Stretching for Gardening


It was fourteen years ago but I remember it well. It began as a classic gorgeous sunny Colorado spring day but by noon, the clouds had rolled in and within a few hours a heavy downpour had commenced with, of course, the obligatory hail.

I was feeling sorry for my wife who had spent the previous weekend in her garden potting and planting when – in the midst of the now raging hailstorm – I caught a yellow blur out of the corner of my eye. There was my wife dressed in rain gear and a construction hard-hat dragging potted plants to safety and covering those she could not move.

Ahhh, gardening in the Rockies!

Not unlike the awakening of the bears, Colorado gardeners have reappeared after a long winter with vigor – often, too much vigor. Every spring, I observe many locals limping about from a marathon weekend in their garden.

Here's the skinny on how to survive your favorite weekend activity and still be able to get out of bed and go to work on Monday.

First and foremost, don't do "too much too soon.” Gardening and yard work are physically challenging with a specificity that is unlike anything you do during the winter.

Start off gradually and increase your time in the yard in small increments taking hourly breaks. If you start at daybreak and find yourself in the dark planting by flashlight, you're definitely overdoing it.

The most common gardening injuries are to the low back, hamstrings, knees, shoulders and neck. Here are some stretches to help you avoid the aches and pains of beautifying your property.

First, some basic principles for self-stretching:

• All stretches are static, which means no bouncing or rapid movements.

• Stretch to the point of resistance but not the point of pain – stretching should feel good – and hold each stretch for 10 to 15 seconds.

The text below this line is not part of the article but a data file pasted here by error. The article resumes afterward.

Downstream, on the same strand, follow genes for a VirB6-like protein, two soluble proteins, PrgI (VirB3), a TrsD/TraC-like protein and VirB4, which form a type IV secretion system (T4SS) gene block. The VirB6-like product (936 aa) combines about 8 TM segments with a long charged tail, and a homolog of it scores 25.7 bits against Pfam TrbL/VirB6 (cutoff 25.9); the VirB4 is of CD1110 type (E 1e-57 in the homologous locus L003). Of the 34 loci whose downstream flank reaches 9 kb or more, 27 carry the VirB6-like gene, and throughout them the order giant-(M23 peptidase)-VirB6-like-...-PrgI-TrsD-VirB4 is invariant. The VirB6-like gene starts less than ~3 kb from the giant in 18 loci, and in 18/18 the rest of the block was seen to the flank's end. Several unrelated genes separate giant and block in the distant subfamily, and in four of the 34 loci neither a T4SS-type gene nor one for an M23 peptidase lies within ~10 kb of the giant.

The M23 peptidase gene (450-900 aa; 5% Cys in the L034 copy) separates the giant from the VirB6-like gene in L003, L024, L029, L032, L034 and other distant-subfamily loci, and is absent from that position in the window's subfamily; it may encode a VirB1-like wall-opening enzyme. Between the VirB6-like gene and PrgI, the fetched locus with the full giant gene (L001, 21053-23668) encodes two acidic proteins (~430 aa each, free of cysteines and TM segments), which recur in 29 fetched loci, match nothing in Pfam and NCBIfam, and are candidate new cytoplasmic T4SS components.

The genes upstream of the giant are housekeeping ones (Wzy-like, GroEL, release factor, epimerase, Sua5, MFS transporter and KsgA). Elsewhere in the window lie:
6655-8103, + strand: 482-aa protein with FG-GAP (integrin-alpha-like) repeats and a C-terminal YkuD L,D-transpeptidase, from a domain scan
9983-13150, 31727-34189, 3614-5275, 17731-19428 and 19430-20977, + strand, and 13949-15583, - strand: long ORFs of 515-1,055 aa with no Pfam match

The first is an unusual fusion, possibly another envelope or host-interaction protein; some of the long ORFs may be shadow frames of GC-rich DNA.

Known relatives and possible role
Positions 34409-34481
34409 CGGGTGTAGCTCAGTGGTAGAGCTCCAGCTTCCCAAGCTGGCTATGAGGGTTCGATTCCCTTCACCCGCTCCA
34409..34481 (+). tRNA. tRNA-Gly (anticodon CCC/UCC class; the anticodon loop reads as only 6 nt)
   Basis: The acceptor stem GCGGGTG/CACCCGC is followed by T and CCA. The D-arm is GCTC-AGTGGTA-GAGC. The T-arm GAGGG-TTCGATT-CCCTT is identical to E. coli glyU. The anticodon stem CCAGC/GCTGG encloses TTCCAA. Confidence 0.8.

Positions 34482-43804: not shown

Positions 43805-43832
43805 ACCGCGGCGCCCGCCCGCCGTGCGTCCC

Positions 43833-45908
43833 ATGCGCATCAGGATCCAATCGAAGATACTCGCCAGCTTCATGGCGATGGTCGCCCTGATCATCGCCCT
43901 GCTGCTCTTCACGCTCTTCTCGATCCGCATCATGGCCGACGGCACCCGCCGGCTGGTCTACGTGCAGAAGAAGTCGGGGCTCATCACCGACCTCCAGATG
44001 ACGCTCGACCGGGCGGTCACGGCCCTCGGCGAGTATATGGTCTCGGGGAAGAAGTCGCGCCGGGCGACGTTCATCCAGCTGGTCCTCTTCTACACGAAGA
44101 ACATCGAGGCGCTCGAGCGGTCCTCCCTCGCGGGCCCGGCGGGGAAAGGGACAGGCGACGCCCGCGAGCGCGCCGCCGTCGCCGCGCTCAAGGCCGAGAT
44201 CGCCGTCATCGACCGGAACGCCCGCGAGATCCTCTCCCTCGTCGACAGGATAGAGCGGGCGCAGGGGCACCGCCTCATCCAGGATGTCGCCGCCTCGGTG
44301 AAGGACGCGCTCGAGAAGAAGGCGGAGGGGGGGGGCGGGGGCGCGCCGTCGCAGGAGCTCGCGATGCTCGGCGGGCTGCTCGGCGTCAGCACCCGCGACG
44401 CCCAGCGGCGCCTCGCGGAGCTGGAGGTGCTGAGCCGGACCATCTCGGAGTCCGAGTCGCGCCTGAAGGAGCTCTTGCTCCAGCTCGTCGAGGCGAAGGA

• Release the stretch slowly, relax for 3 seconds, and then re-stretch the muscle group for a second time.

• Stretch both before and after gardening and periodically throughout the day.

Here are a few stretches for gardening:

• Standing back extension. Place your hands on your hips and lean back and extend your neck gently backwards as you look up to the sky, while you gently push your hips forward. This stretch reverses the stress on your spine from being bent-over for hours on-end in spinal flexion.

• Low back flexion and hamstrings. With your feet shoulders width apart, toes pointing straight ahead and your knees bent, lower your hands towards the ground until a stretch is felt. This stretch will help your low back and the back of your upper leg – the hamstrings.

• Thighs. While standing on one leg and holding on to a stable object – like your potting table – bend your lower leg to the rear grabbing your ankle and gently pull your heel to your buttock. Next, move the engaged leg to the rear. If you can’t grab your ankle, use a tree tie or strap around your ankle and pull on that instead. Alternate legs.

• Shoulders. Place your left arm over your right shoulder as if you are going to pat yourself on the back. Next, place your right hand on your left elbow and gently apply pressure on the elbow as if trying to push it over your right shoulder. Alternate arms.

• Neck. While either standing or kneeling, turn your head slowly to look over your left shoulder as if you were changing lanes in a car. Then, turn to look over the right shoulder.

The above stretching regimen should take no longer than 5 to 10 minutes and could save you from sore muscles, aching joints and a trip to your chiropractor. And if you find you like stretching, go online to and pick up Bob Anderson’s 30th Anniversary Edition of his world famous book called, “Stretching” for as little as $11.46.

Enjoy your hobby – garden smart and don't forget to wear your hard-hat.


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